Our natural intuition and conventional wisdom may help us flow well with the ways of this world, but if we want to track with the Kingdom of God, we have to learn the counter-intuitive ways of Christ. An excellent book on this subject is Donald Kraybill's The Upside-Down Kingdom. In today's text, Jesus teaches two more lessons about the inverted nature of God's Kingdom.
In the kingdom's of this world, reward is earned. There are pay rates and scales. The expectation is that the longer and harder you work, the greater will be your compensation. The problem with applying that principle to Christ's Kingdom is that right relationship with God and entrance into the Kingdom can not be earned. This is perhaps the greatest misunderstanding in the realm of religion and spirituality -- that somehow, we can work our way into Heaven. 'I must be good enough. I must be holy enough. I can perform spiritual exercises and grow in faith and goodness. When death comes, I will have amassed a spiritual resume sufficient for access into eternal bliss.' But devout religious ritual + sincere good deeds DO NOT = the gospel of Jesus Christ. Careful study of the New Testament would lay that fallacy to rest, but few are willing to read it much less study it with care.
Jesus tells a story about how everyone who responds to His call to join Him in His work receives the same reward. Heaven is for those who labored with Him, one hour or eleven. The only way that that does not qualify as unfairness is if the reward is not based on the work. And it's not. The reward is based on God's grace and generosity. Of course, this story of His is not a complete theology, so one has to read more to understand how it fits with things like repentance, regeneration and discipleship. But the core concept is clear - salvation is not merit based. It is mercy based. The meritorious work is referred to in the verses after the parable - "the Son of Man must be ... mocked and flogged and crucified .." The only work related to our heavenly reward is the work of Christ on the cross. His work accomplished what our meager efforts could never have achieved.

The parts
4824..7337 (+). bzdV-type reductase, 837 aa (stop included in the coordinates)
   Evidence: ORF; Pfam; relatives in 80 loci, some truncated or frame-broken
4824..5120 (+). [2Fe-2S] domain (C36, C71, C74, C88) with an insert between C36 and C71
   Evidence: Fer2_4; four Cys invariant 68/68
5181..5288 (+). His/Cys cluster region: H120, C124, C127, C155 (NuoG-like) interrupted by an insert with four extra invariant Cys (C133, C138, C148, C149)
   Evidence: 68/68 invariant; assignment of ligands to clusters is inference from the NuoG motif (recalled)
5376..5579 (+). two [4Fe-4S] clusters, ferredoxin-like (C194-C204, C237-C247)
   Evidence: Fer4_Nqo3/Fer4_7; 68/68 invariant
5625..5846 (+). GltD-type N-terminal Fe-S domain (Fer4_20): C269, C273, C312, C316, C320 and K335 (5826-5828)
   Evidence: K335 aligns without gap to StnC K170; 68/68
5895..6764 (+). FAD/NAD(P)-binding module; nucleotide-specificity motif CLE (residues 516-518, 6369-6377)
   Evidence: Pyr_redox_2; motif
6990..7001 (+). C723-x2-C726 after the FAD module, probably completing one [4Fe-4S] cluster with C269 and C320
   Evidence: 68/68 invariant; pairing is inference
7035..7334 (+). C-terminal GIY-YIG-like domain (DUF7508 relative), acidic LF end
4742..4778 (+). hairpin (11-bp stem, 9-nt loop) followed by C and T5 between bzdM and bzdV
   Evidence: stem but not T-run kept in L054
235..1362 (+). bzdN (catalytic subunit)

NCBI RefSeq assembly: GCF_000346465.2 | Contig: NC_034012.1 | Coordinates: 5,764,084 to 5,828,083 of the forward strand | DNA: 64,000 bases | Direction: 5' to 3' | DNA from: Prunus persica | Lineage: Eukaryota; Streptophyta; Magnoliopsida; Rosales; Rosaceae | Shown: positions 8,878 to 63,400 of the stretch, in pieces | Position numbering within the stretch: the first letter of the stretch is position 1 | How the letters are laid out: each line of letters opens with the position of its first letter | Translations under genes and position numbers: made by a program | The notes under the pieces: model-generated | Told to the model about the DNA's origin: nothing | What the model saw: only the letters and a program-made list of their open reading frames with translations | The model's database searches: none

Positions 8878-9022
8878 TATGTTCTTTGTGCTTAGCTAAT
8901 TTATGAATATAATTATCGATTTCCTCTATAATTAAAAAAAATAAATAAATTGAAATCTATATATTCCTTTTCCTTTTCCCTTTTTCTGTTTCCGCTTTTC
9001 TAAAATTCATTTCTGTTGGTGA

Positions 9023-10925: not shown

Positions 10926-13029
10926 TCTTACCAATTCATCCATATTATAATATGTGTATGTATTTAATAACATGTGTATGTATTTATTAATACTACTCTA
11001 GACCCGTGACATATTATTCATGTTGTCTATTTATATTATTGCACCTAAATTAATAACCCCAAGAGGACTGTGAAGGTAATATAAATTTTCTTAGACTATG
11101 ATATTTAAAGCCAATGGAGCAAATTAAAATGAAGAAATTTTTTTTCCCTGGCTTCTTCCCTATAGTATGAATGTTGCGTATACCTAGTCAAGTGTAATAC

The second counter-intuitive lesson in our reading is Christ's definition of greatness. In the world, the 'great ones' rule from on high with dominion and authority. In God's Kingdom, the great ones are the servants. Sacrificially meeting the needs of others is the sign of greatness, which is exemplified in the surrender of Christ to the aforementioned work of the cross. He loses that we might gain. He lowers Himself that we might be exalted. He dies that we might live. He is the greatest of the great -- because He is the servant of all. How topsy-turvy is that? It's how the first becomes last and the last, first. It's how we get paid when He did all the work. It's the way of the upside-down Kingdom.
You do well to let Jesus stand your life on its head!
Pray: Lord, help me to see life the way You see it. Your thoughts are not my thoughts and Your ways not my ways. Teach me Your Kingdom perspective, so I can be in the world, but not of the world.